twelve men (Robespierre, Barere, Saint Just, Couthon, Lindet, Carnot, Saint-Andre, Prieur, Varenne, Herbois, Scholles, and Duvernois) ruled France; even though they were technically under the control of the Convention.
Just about any country that one can name has some history of civil unrest, class issues, rioting in the streets, and outright warfare. These patterns of behavior are common denominators for most civilization in the world. The names, faces, and places may change, but the motivations are generally the same, because of the need for change and the willingness to do whatever is necessary to achieve it. In contrast to the United States, which was in the process of freeing itself from British colonial rule, France was working to free itself from royal absolutism. This period is historically known as the French Revolution. Many scholars do not agree on the chronology of the French Revolution; some scholars suggest that the Revolution took place between 1789 to 1799 while others feel that it did not end until Napoleon lost power in 1815. To better understand the history of the French Revolution it is necessary to discuss the causes, major events, significant figures, and the outcomes associated with these political developments. Without this uprising, that changed the face of the entire country and influenced local political life in many countries in Europe, in all likelihood the France we know today would never have existed.
The literature that came out of the French Revolution often shares common themes of death, rebirth, and destruction. Tale of Two Cities by Charles Dickens is much the same way. Throughout the novel, Dickens clearly supports the revolution but also depicts the brutality of the revolutionaries. Dickens uses powerful metaphors of a sea to symbolize the revolutionaries destroying old France and the belittling name of “Jacques” to depict the narcissistic views of the French aristocracy to show his support for the revolution.
“Maîtres chez nous” or in English “Masters of our own house”. These words spoken by Premier Jean Lesage caused an uproar in Quebec by giving the citizens a sense of confidence they had never felt before. Jean Lesage played a crucial role in the modernization of Quebec in a short period of time after recuperating the province from the “Great Darkness”. While the rest of Canada was undergoing innovation, Quebec fell behind due to Maurice Duplessis. After the death of Duplessis, Lesage ran for Premier and was elected in 1960. He promised to improve Quebec through social, economic and cultural changes and proved so by creating programs and replacing others. One of Lesage’s accomplishments to modernize Quebec was being able to subside the Catholic Church’s role and replace it with a more commanding provincial government role. Another achievement of Lesage’s to rejuvenate Quebec was nationalizing private electricity companies which allowed workers to speak French entirely, guaranteed the Quebec economy benefits, and adjusted wages. Finally, the Quiet Revolution allowed the rest of Canada to hear the nationalist views of Quebecers after the FLQ terrorist group terrorized several mailboxes, kidnapped James Cross and killed Pierre Laporte.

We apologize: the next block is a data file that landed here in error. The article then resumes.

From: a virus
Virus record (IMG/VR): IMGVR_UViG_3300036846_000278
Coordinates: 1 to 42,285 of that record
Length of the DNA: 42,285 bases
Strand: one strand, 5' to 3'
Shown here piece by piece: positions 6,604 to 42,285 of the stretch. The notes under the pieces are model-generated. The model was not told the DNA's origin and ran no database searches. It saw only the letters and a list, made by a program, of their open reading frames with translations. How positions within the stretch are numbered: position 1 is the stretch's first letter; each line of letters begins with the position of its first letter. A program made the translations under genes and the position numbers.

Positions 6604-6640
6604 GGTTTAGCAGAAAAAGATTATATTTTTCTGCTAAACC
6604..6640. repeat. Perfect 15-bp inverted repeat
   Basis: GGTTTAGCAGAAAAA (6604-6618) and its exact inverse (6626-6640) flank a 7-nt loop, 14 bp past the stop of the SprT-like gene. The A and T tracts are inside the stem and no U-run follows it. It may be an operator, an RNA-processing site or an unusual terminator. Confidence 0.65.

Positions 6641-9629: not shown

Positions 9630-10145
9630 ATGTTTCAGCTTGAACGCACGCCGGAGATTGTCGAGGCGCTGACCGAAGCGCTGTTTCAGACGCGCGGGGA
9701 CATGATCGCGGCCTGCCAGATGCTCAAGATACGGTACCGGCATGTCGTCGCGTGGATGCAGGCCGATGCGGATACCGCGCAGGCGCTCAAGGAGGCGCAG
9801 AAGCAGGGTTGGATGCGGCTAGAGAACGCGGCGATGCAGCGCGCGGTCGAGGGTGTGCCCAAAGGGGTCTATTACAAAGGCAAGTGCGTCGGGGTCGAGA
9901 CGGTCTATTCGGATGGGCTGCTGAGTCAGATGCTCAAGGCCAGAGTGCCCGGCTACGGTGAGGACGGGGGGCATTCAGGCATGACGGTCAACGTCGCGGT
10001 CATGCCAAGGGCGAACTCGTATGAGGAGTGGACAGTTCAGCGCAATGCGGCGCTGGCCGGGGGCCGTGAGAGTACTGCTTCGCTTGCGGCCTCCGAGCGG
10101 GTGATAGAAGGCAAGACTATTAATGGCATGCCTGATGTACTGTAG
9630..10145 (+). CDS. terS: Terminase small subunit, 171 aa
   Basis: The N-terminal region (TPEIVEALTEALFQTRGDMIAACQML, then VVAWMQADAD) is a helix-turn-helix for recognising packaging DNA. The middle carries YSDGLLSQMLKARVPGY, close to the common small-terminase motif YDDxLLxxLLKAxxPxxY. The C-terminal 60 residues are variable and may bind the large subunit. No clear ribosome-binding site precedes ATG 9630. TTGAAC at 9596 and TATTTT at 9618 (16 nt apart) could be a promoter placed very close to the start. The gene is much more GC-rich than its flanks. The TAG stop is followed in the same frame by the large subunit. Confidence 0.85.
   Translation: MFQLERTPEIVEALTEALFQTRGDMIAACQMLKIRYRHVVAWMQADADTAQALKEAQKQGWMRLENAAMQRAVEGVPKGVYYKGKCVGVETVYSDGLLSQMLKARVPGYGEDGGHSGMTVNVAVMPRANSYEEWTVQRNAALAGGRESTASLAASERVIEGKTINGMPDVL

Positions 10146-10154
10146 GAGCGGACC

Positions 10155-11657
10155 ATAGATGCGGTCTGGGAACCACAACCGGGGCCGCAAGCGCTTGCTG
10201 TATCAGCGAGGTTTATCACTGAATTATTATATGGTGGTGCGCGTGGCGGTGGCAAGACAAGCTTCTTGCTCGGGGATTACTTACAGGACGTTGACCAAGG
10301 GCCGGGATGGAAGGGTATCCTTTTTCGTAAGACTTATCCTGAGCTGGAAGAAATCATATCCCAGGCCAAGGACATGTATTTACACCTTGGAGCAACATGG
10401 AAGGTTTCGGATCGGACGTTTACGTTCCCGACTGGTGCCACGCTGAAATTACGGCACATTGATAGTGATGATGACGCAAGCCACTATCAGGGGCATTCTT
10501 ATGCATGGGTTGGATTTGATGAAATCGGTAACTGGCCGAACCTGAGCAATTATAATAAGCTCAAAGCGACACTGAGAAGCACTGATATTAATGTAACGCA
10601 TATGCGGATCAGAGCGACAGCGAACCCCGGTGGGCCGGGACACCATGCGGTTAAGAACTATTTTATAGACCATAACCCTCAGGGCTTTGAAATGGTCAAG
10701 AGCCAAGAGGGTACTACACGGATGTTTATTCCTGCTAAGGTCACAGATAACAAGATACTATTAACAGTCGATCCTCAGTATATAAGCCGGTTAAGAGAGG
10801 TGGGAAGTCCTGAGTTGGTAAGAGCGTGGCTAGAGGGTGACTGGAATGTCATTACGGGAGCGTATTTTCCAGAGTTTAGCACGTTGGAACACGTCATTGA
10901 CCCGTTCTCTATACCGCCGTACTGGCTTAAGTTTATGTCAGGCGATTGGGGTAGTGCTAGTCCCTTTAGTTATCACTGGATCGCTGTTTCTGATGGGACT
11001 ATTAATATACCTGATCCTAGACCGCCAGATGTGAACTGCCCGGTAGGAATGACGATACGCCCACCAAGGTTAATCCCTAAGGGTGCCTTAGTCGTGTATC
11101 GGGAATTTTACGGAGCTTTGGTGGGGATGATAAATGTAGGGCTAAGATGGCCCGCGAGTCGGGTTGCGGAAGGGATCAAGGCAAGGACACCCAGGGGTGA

The exposition of this book is very spread out. We find out that Montag is a fireman(and what that entails), his name, and we meet Clarisse in the first four pages. Then, on page five, Clarisse introduces the idea of Montag reading the books(which of course is illegal) and asks the question “are you happy”(Bradbury, 7). This introduces the main conflict of the story. However, the more important main characters like Mildred and Beatty aren’t introduced until page nine and page twenty-five. Lastly, the setting isn’t really plainly introduced in the book or given a name. It’s just a city in the twenty-fourth century that is very close to the war that is happening throughout the book.
The first reason is because of Matthew Antoine’s warnings – no matter what, there is “always news coming back to the quarter about someone,” (62) who dies or goes to prison for killing someone else. No matter how hard Antoine tries people are going to die; the main cause of death comes from a mixture of poverty and economic barriers for African Americans in Louisiana. Another reason is because Antoine believes that “you have to go away to know about life” and that “there’s nothing but ignorance here” (65). Wiggins is afraid that living in Bayonne automatically makes him susceptible to a poor lifestyle and no matter what he tells Jefferson, justice in court is always going to be the same; when it's a white man's word against a black man's, the white man always wins. Wiggins’ memories of Antoine help him fully understand how his community functions and why being African American in the south is such a